The four situations to forego adoption and retain parental rights are where the court finds that termination would be detrimental to the minor due to one of the following circumstances:

“(A) The parents or guardians have maintained regular visitation and contact with the minor and the minor would benefit from continuing the relationship.

“(B) A minor 12 years of age or older objects to termination of parental rights.

“(C) The child is placed in a residential treatment facility, adoption is unlikely or undesirable, and continuation of parental rights will not prevent finding the child a permanent family placement if the parents cannot resume custody when residential care is no longer needed.

“(D) The minor is living with a relative or foster parent who is unable or unwilling to adopt the minor because of exceptional circumstances, which do not include an unwillingness to accept legal responsibility for the minor, but who is willing and capable of providing the minor with a stable and permanent environment and the removal of the minor from the physical custody of his or her relative or foster parent would be detrimental to the emotional well-being of the minor.”  (§ 366.26, subd. (c)(1).)

Alan contends the “benefit from continuing the relationship” exception to terminating parental rights is unconstitutionally vague because it fails to set forth guidelines on the type or extent of the “benefit” the parent must prove.   He claims the vagueness confers unreasonable discretion on the trial judge, creating the danger of arbitrary and discriminatory enforcement.

“As a matter of due process, a law is void on its face if it is so vague that persons ‘of common intelligence must necessarily guess at its meaning  and differ as to its application.’   Such vagueness occurs when a legislature states its proscriptions in terms so indefinite that the line between innocent and condemned conduct becomes a matter of guesswork.”  (Tribe, American Constitutional Law (2d ed. 1988) § 12–31, p. 1033, citation and fn. omitted.)   The person challenging a statute as vague must ordinarily show he or she is one of the “entrapped innocent” and it would have been practical for the legislature to draft more precisely.  (Ibid.)

We find no reported cases addressing the standard a court must use in determining if a parent/child relationship should continue under the section 366.26, subdivision (c)(1)(A) exception.   A finding no exceptional circumstance exists is customarily challenged on the sufficiency of the evidence.  (See In re Jesse B. (1992) 8 Cal.App.4th 845, 851, 10 Cal.Rptr.2d 516;  In re Brian R., supra, 2 Cal.App.4th 904, 924, 3 Cal.Rptr.2d 768.)   We therefore treat the question as one of first impression.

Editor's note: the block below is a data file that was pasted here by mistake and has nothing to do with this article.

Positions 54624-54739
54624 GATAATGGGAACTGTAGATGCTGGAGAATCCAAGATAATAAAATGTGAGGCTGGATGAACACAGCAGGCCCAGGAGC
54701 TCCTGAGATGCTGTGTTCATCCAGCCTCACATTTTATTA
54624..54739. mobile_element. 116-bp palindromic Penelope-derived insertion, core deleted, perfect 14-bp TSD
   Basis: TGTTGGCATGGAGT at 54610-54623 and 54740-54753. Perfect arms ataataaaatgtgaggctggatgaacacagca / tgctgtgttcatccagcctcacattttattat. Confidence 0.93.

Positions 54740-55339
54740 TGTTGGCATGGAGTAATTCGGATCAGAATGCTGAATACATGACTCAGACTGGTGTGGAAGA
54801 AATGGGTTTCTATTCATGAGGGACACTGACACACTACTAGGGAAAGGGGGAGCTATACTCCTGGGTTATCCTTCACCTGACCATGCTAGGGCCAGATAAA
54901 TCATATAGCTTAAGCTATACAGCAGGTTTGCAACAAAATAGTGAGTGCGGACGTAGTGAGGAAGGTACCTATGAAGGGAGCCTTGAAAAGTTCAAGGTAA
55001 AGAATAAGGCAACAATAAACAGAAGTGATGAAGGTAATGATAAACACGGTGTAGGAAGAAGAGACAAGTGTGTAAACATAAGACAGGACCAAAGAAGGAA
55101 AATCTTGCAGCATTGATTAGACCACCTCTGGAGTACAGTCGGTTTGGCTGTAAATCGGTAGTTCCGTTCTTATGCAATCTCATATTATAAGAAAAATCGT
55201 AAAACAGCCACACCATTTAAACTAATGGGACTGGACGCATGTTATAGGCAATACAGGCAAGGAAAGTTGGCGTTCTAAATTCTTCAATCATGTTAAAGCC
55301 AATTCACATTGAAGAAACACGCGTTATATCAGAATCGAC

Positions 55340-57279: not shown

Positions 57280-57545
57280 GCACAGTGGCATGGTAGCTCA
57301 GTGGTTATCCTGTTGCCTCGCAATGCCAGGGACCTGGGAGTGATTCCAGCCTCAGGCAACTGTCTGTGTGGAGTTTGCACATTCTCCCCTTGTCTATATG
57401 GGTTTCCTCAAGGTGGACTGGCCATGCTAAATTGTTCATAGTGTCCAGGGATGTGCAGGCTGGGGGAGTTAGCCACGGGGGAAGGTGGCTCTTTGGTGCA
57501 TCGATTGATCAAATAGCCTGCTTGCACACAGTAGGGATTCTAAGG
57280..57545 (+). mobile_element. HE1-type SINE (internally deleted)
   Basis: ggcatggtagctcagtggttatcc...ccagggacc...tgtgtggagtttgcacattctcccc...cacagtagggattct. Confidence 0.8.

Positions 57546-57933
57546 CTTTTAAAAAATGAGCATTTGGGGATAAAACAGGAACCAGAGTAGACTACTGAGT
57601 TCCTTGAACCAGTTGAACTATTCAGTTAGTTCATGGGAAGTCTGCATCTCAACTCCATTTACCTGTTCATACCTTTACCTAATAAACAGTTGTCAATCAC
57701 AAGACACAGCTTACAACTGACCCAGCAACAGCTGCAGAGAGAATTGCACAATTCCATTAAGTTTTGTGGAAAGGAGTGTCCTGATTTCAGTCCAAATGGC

In the context of the dependency scheme prescribed by the Legislature, we interpret the “benefit from continuing the [parent/child] relationship” exception to mean the relationship promotes the well-being of the child to such a degree as to outweigh the well-being the child would gain in a permanent home with new, adoptive parents.   In other words, the court balances the strength and quality of the natural parent/child relationship in a tenuous placement against the security and the sense of belonging a new family would confer.   If severing the natural parent/child relationship would deprive the child of a substantial, positive emotional attachment such that the child would be greatly harmed, the preference for adoption is overcome and the natural parent's rights are not terminated.

 Interaction between natural parent and child will always confer some incidental benefit to the child.   The significant attachment from child to parent results from the adult's attention to the child's needs for physical care, nourishment, comfort, affection and stimulation.  (See Goldstein, Freud & Solnit, Beyond the Best Interests of the Child, (1973) p. 17.)   The relationship arises from day-to-day interaction, companionship and shared experiences.  (Id. at p. 19.)   The exception applies only where the court finds regular visits and contact have continued or developed a significant, positive, emotional attachment from child to parent.